Business Secretary and energy regulator agree price cap should ‘remain in place’
Energy companies and the government agreed the energy price cap must ‘remain in place’ during crunch talks to find a solution to record gas costs.
Business secretary Kwasi Kwarteng held a crisis meeting with the industry before announcing to the commons that ministers would not be bailing out energy firms and that the energy price cap would be ‘staying’.
In a joint statement issued late on Monday evening, Kwarteng and Ofgem chief executive Jonathan Brearley confirmed they had taken a unified position over the price ceiling continuing.
People given AstraZeneca vaccine to be allowed into US after travel ban lifted
Britons who have had two doses of the Oxford AstraZeneca vaccine will be able to enter the US once restrictions for the fully vaccinated are eased in November, according to the UK government.
The prime minister’s spokesman said he was ‘confident’ the AstraZeneca jab would be recognised by US border officials despite the vaccine not being approved by the US Food and Drug Administration (FDA).
It comes as Downing Street was forced to deny that Boris Johnson was left in the dark about Washington’s announcement that it would be reopening its borders in six weeks.
Data breach will force ‘left behind’ Afghan interpreters to move, MP claims
Interpreters in Afghanistan will be ‘moving house again tonight’ after a breach of data relating to those looking to come to the UK, a Conservative former defence minister has claimed.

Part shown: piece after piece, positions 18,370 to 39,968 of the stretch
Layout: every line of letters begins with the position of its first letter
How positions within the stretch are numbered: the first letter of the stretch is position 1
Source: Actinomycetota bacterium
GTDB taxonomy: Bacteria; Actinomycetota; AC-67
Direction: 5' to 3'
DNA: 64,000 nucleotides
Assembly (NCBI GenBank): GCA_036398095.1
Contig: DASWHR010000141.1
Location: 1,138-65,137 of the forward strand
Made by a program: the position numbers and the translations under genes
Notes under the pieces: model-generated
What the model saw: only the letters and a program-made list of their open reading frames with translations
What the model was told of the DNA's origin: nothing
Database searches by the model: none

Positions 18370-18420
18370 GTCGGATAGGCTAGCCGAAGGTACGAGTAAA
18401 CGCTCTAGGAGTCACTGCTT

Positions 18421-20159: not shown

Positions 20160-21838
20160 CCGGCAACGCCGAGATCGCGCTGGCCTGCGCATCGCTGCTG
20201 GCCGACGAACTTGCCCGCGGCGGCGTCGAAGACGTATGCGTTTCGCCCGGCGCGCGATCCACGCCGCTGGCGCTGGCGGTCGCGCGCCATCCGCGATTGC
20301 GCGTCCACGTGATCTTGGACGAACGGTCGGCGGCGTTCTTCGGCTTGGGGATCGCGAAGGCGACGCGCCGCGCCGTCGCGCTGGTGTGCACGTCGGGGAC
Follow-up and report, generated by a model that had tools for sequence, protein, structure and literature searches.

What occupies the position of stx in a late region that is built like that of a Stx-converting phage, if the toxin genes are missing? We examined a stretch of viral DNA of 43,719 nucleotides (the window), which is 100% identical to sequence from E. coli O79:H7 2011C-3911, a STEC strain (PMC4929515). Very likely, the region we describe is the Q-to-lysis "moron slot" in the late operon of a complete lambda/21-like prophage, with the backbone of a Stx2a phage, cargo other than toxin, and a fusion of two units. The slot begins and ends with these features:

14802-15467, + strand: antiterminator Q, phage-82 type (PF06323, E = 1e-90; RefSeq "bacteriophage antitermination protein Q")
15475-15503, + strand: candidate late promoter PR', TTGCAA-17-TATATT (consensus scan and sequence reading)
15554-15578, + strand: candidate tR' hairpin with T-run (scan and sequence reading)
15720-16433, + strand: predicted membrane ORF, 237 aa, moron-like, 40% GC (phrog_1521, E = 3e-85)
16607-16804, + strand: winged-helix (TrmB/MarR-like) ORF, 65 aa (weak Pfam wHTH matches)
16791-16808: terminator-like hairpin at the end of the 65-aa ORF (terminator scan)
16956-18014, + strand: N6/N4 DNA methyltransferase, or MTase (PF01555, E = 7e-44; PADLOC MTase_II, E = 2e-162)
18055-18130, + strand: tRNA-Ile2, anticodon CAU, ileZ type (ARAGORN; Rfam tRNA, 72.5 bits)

The Ministry of Defence (MoD) said it has launched an investigation into the breach and has contacted those impacted, with officials offering advice on how to manage the potential risk posed by the data reveal.
According to reports, some of those whose information has been released are in hiding from the Taliban after the militants took control of the battle-torn country last month.
Andrew again served with sexual assault lawsuit, accuser’s lawyers claim
The Duke of York has been served with a sexual assault lawsuit after the relevant paperwork was delivered to his US lawyer, according to his accuser’s legal team.
Virginia Giuffre is seeking damages after alleging Andrew sexually assaulted her, a claim he vehemently denies.
Her lawyers said earlier this month the duke had officially been served with the papers, but his legal team disputed the claim.
Food supplies could be hit by CO2 shortage in days, warns Iceland boss
Food supply shortages could happen in the ‘coming days and weeks’ if the carbon dioxide issue continues, a supermarket boss has warned.
Richard Walker, managing director of Iceland, said Christmas food supplies could be impacted by a reduced supply of the gas – but stressed that the damage could be felt much sooner. ‘This is no longer about whether or not Christmas will be okay, it’s about keeping the wheels turning and the lights on so we can actually get to Christmas,’ the supermarket executive told BBC Radio 4’s Today programme.
Meanwhile, trade body leaders have called on the government to ‘urgently ensure adequate supplies’ of carbon dioxide to keep food production going.
Monday Car Dealer headlines you might have missed
- Revealed: The top 10 used cars that cost more than new as ‘crazy’ market drives prices skywards
- Winning a Car Dealer Used Car Award drives confidence and motivation, says previous winner
- Lotus prices up new Emira V6 First Edition
- New DMS provider DealerDesk offers cutting-edge data and revolutionary features